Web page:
Geoff had been cooking (I suspect Pauline was also involved) so we had some great food. Geoff did his DJ bit faultlessly and we left very happy. Geoff, Pauline, Nat Stoke bloke and Essy Joe all came out to wave us goodbye at the end. 

We had to get back of course, Tango Gresford was back on again Monday. Don’t stop the tango train.

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Distant Tanguera

Unusually this week we started the dance in full sun. It was nice for a change to have all the doors and windows open.

Numbers were a bit disappointing, but I suppose everyone was out with their barbeques. Still the numbers were boosted at about half eight when Candi arrived with her partner Yanis (is that the right spelling?). We had some Comme Il Faut shoes for her and she was just itching to try them out. The best thing for me about Viv bringing shoes over is I get the virgin dance almost every time. There really is something special for the ladies when they dance for the first time in their Comm Il Faut’s, so it is a real honour for me to lead these shoes into their first dance.

Candi has travelled all the way from Stoke to be with us tonight, so I am more than glad to pass on a few moves, we have to be careful though as we don’t want this to turn into a class. Another benefit of her coming is that now she realises just how far it is. I get frequent invites to Stokies and much as I would love to go, the distance makes it impractical. When I work nights, obviously it is impossible, but when I am on days I would have to leave about nine in order to get a decent sleep. I would be just too tired after work, so that leaves about one day in eight. Oh well maybe someday soon.

 Tonight we had Angel D’Agostino and Francisco Canaro as our artists. Candi quizzed me about Canaro and I am afraid my knowledge is not as good as it should have been. Part of the problem, of course, is that no one has ever quizzed me before on the artists, from now on I must swat up before the dance. It really is good to have someone who is interested, and it makes me learn as well.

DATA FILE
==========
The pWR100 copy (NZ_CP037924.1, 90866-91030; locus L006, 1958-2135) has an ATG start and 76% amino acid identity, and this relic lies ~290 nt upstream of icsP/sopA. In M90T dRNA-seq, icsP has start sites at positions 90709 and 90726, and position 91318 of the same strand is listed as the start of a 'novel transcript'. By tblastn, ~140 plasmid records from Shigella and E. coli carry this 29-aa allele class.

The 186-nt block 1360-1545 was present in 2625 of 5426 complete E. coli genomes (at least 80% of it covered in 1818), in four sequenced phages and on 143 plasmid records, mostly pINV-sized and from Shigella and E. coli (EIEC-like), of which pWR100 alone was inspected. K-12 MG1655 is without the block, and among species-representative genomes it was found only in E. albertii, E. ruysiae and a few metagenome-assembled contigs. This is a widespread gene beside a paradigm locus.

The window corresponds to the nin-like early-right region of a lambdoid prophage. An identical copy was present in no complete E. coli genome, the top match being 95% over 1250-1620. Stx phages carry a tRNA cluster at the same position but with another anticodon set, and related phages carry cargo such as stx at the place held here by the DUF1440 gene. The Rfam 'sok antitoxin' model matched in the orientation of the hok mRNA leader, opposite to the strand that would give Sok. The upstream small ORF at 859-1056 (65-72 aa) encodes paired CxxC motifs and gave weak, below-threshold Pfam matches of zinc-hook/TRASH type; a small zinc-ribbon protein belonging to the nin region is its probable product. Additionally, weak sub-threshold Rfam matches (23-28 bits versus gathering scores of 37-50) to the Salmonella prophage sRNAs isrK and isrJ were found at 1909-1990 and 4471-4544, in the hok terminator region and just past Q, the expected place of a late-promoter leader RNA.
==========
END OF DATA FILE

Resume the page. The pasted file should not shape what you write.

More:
Just for Candi; Canaro played Violin and made recordings from 1915-1973. (despite dying in 1964) I hope I am forgiven my lack of knowledge.

Arriving a bit later meant that she missed my favourite D’Agostino track “Café Dominguez” but I danced it with Viv and for three minutes was transported back to Confiteria Ideal in Buenos Aires.

Our practicas look less like dances with every passing one, when Candi arrived she commented that she was sorry to have arrived in the middle of our supper. I suppose the sight of everyone sat around the table eating, and no one dancing must have confused somewhat. Still we were soon up dancing again, although the draw of that fabulous Stilton was proving too hard to resist. (There was little left at the end of the night).

I must have had some sort of premonition that it would be a long night, normally I time La Cumparsita to come on at eleven, tonight though it was almost twenty to twelve and there were still four of us, eating, dancing, and talking rubbish, fuelled by Argentine wine, Ginger beer, and the last of my Gin.

I did not take much rocking when I finally hit the sack at after one o’clock, I will get these people into the Buenos Aires way, one day.